"Advanced certification and accreditation for our Dental Assistance students validates the high standards this program sets for its graduates and demonstrates the caliber of dental care our Sailors receive in the fleet," Hawker said.

SWMI has, for more than a decade, continued the emphasis on medical education and training for which the Bureau of Medicine and Surgery has become known, epitomizing the capabilities of the organization's corpsmen and other medical professionals' abilities to do what Navy Medicine does anywhere and at any time - save lives.

SWMI reports to the Navy Medicine Operational Training Center (NMOTC), the recognized global leader in operational medical and aviation survival training. NMOTC is a component of Navy Medicine Education and Training Command (NMETC), which manages Navy Medicine's formal enlisted and officer education and training programs, medical operational training for medical and medical support personnel deploying worldwide, and training that prepares aviators and flight crews to survive in land and water mishaps.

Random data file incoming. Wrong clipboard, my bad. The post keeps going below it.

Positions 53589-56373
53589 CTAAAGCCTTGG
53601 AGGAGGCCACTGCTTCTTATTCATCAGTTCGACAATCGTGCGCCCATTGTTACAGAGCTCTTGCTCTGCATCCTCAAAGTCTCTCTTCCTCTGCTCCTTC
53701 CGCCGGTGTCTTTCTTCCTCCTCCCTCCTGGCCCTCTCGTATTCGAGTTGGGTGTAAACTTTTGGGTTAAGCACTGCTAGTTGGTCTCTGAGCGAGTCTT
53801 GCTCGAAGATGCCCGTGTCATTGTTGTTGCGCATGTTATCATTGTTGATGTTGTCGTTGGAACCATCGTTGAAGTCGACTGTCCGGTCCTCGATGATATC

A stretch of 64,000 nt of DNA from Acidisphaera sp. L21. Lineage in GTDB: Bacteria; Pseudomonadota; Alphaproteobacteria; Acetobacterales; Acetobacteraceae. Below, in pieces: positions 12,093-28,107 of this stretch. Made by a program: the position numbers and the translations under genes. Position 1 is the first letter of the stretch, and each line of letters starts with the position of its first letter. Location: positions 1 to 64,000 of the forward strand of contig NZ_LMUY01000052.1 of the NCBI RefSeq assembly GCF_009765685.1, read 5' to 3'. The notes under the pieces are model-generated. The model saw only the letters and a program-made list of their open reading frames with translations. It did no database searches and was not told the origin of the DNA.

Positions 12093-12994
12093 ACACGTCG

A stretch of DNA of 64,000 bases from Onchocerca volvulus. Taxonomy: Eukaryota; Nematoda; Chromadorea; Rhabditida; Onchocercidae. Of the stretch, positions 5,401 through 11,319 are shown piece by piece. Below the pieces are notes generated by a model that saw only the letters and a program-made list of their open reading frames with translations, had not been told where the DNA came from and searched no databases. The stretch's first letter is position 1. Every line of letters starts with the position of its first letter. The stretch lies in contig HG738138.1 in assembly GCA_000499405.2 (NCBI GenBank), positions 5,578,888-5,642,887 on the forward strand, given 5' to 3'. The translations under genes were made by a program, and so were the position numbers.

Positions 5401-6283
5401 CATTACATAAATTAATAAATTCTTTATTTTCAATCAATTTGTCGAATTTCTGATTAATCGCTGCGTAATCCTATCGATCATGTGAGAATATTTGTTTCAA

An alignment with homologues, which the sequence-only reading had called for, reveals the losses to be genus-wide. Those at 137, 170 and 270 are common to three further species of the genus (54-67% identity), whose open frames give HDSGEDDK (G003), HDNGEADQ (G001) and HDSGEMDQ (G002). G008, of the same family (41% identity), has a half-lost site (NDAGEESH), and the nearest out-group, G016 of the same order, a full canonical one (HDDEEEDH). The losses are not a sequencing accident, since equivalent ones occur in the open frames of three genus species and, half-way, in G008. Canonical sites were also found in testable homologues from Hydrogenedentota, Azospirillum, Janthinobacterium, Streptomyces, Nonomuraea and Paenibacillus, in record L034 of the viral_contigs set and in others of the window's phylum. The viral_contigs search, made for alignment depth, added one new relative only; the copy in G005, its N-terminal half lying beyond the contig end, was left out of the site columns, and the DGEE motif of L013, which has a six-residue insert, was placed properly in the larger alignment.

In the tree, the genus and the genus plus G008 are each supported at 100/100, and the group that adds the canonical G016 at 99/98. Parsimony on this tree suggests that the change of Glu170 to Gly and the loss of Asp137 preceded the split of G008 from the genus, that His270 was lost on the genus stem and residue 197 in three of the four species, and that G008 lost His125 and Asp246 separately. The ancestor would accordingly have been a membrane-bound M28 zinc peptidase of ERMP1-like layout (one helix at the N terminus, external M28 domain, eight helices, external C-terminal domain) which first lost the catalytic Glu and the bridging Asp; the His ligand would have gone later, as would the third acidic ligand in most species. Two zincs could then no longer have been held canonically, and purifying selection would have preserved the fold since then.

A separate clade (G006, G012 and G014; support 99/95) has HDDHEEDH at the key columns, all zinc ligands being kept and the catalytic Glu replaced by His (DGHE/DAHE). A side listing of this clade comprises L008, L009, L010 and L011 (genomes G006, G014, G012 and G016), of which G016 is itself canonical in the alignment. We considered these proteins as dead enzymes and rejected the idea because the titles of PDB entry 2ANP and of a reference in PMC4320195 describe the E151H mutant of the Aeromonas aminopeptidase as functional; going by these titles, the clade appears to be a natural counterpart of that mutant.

SWMI, NMOTC and NMETC are part of the Navy Medicine team, a global health care network of Navy medical professionals around the world who provide high-quality health care to eligible beneficiaries. Navy Medicine personnel deploy with Sailors and Marines worldwide, providing critical mission support aboard ships, in the air, under the sea and on the battlefield.